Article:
Saturday, 30 May 2015

India's 'man-eating' tiger to stay in Rajasthan zoo


  • 29 May 2015
  •  
  • From the sectionIndia
Ustad
Ustad is now caged in an enclosure smaller than a football field
A court in India's Rajasthan state has rejected a plea to release a tiger who has been branded a killer and caged.
Nine-year-old Ustad was tranquilised and shifted from a national park to a zoo earlier this month after he killed three men, including a forest guard.
A tiger lover had petitioned the court, saying caging the tiger was against India's wildlife laws.
India's tiger population stood at 2,226 in 2014. The country is home to 70% of the world's tigers.
Ustad, who lived in the 400 sq km (99,000-acre) Ranthambore National Park, popular for its tiger safaris, was shot with a tranquilising dart and driven to a zoo 400km (250 miles) away earlier this month.
He had been declared the prime suspect in the killing of a 53-year-old forest guard on 8 May. He was also accused of killing a 23-year-old local man in 2010 and a 19-year-old boy in March 2012.
The tiger is now is caged in an enclosure smaller than a football field in a zoological park in Udaipur district.

Fears for tourism

Chandramauleshwar Singh, a tiger lover and a regular visitor to Ranthambore, petitioned the high court in Rajasthan against the move.
He said the decision to move Ustad was made without "any scientific probe or investigation into the circumstance of the attack".
Mr Singh said the real reason the park decided to move Ustad was because of pressure from the local tourist industry, which feared visitors would be frightened off by the presence of a man-eater.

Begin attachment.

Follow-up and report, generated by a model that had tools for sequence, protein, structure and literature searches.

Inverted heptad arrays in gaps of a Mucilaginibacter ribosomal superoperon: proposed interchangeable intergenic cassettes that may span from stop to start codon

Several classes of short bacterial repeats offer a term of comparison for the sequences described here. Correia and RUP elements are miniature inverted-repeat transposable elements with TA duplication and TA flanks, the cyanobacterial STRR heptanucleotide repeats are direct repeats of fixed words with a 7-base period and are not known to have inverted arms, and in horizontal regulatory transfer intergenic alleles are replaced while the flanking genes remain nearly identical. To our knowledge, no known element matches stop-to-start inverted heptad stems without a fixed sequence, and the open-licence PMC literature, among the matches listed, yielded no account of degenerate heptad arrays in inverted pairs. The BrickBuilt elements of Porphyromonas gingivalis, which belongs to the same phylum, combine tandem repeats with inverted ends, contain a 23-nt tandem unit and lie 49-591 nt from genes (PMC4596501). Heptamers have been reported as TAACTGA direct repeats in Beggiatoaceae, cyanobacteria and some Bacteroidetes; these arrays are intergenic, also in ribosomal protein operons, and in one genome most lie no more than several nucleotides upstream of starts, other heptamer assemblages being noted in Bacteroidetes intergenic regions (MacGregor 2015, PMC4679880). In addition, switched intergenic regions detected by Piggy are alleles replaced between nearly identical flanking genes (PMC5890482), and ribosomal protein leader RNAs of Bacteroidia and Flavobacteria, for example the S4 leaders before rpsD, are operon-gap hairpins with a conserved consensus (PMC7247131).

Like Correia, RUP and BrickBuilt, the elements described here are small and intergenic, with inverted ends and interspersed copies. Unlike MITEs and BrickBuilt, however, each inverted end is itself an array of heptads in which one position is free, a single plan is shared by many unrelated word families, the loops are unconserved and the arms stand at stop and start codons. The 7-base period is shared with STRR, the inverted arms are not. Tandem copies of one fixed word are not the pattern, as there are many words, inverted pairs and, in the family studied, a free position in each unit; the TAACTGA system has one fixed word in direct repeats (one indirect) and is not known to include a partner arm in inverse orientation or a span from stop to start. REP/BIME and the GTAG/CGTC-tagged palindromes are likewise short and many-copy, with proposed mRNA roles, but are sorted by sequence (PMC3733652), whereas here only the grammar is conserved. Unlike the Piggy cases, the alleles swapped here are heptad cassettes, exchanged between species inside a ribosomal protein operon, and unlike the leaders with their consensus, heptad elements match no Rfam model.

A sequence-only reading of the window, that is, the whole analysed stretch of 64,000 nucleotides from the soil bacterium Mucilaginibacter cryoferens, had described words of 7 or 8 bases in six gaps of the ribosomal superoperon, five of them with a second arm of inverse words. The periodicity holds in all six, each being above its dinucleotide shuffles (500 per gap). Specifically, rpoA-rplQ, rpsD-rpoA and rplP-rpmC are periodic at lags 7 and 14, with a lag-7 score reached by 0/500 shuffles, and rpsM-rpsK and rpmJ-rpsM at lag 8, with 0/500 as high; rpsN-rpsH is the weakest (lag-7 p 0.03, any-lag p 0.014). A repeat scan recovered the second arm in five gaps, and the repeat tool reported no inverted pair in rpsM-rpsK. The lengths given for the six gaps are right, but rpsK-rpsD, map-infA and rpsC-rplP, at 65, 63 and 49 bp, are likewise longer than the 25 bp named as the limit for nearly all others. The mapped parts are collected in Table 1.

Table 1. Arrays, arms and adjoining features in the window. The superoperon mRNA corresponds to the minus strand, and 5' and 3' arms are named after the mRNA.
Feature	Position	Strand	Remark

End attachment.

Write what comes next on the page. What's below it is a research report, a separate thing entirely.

The high court in Rajasthan dismissed the plea saying the decision to shift Ustad can "under no stretch of imagination be held to be hasty, arbitrary or unreasonable".
The judges said they did not agree that Ustad's move was prompted by the tourist industry because "tourism thrives on the tigers of Ranthambore and it is not the other way round".
Mr Singh has now appealed to Supreme Court to take a decision on the matter.
Correspondents say the case raises questions for tiger conservation worldwide because India has been very successful in its efforts to increase its tiger population.
As the number of tigers in India have risen, their habitat has shrunk, meaning people and tigers meet more often, occasionally with disastrous results.
More than 60 people are killed by tigers every year in India.

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